By Teachers, For Teachers
It’s been an interesting week in science and technology – from the mind-controlled bionic hand that can sense what it’s holding to the human ear created using a 3D printer and live cells to the announcement that Google Glass, Google’s augmented reality glasses, will hit shelves sometime in 2013.
At first glance at a product like Google Glass, many teachers may ask themselves - Well how do we keep kids from cheating if all of the information in the world is available in the periphery of their glasses? But that question has built into it an assumption about education which may not be true for long.
The way we interact with technology is constantly changing. If we consider even an anecdotal example like the use of cell phones over the past 20 years, it's easy to see how dramatically different a role technology plays in our lives now than then. And with technologies like memory chip brain implants (these ones being in rats, not people... yet) and mind-controlled limbs popping up, one may rationally predict that the future of tech interfaces will only get closer to working directly with our brains. Now at what point do we start to call ourselves "cyborgs?"
When we think about memory chips being implanted into living brains (doesn't that blow your mind?!) that can help a rat recall information faster (or even forget information altogether), it doesn't seem like too far a leap to think that eventually we may be able to access the internet (or whatever it may be at that point!) directly through our brains. Sure, it sounds like science fiction, but the technology may not be as far away as we think.
So what role does education play in a world where every piece of information a person could possibly want is immediately accessible within their brain? Well what factors do we take into account when we think about someone's intelligence? Certainly the ability to retain facts and figures is a starting point, but equally important (or perhaps moreso) is a person's ability to synthesize the information they have. That is, to understand why some pieces of information are more important or relevant than others in a given context.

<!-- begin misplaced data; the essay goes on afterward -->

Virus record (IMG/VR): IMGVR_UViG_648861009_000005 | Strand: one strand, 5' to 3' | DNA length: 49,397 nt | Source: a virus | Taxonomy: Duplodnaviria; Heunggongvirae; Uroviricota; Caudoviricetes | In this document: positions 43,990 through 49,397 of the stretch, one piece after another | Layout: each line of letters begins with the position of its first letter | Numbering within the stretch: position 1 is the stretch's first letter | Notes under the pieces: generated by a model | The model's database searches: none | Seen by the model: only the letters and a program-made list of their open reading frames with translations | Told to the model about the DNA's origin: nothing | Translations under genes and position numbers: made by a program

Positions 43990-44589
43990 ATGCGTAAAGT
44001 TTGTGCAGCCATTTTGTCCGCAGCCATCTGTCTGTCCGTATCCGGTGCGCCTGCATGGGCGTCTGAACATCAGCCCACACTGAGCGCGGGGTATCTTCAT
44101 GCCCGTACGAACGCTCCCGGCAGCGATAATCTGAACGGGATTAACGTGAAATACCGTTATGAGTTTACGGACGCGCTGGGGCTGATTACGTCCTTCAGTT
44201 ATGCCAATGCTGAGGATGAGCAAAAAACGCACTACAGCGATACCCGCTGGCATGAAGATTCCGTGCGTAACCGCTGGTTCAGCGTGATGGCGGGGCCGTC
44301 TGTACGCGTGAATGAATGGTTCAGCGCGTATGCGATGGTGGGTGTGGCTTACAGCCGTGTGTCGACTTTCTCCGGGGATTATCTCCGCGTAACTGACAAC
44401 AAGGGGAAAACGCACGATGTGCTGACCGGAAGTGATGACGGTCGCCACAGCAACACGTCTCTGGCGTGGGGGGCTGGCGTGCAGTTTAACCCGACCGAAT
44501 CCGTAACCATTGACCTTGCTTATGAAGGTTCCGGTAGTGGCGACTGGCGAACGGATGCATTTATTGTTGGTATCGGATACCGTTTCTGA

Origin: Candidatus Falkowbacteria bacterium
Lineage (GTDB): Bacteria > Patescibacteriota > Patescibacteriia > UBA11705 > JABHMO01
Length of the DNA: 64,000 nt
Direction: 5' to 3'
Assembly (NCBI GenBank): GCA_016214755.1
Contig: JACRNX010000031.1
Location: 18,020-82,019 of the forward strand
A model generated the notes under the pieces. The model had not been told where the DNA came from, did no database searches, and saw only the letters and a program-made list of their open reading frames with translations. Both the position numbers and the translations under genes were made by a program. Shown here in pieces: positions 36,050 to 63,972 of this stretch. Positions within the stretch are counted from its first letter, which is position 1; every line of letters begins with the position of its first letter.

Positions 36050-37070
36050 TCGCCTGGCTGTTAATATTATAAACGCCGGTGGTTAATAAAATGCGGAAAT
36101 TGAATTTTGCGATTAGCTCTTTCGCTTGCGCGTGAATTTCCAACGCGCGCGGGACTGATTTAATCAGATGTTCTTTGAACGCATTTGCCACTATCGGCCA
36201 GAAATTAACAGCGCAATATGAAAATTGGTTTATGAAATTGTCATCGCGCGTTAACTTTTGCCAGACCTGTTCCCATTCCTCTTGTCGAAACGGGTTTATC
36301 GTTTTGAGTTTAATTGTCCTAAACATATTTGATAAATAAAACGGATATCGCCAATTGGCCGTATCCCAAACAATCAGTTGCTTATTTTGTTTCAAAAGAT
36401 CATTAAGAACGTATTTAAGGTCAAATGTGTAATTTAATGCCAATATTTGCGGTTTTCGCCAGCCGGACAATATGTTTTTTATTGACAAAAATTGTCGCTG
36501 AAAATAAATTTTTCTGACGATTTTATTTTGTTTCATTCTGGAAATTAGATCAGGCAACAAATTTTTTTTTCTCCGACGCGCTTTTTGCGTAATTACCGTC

If current technology trends can, in fact, help us predict the future of technology, what might happen in a classroom where memorization is a thing of the past? Perhaps the classrooms of the (somewhat distant) future will, based on the presumption that facts are readily available to those who know how to find them, focus their efforts solely on developing thought processes - that is, how students find information, make connections between different pieces of information and synthesize the information accessible. As we're already seeing in classrooms today, the students with "21st century skills" - who are able to sort through the vast knowledge pool we call the internet to find the most valuable bits of information - are the students who excel.
Without having to reach far into our Science Fiction arsenals, can we not imagine a class in which students don't so much crunch Physics equations but rather are led through thought process exercises to "discover" the equations themselves? Or instead of memorizing a list of World War II battles are prompted to predict the course of the war based on a certain point in the history of the conflict?
It's no coincidence that the NASA scientists who developed the most recent Mars mission named the Curiosity's landing site "Bradbury Landing" after Ray Bradbury, author of myriad science fiction literature including The Martian Chronicles. Even NASA recognizes the integral part Science Fiction plays in the grand scheme of scientific progress.
So perhaps it isn't such a futile effort to dream about tomorrow's technologies. What kind of futuristic classroom technology can you imagine?
What do you think your classroom will look like in 2030?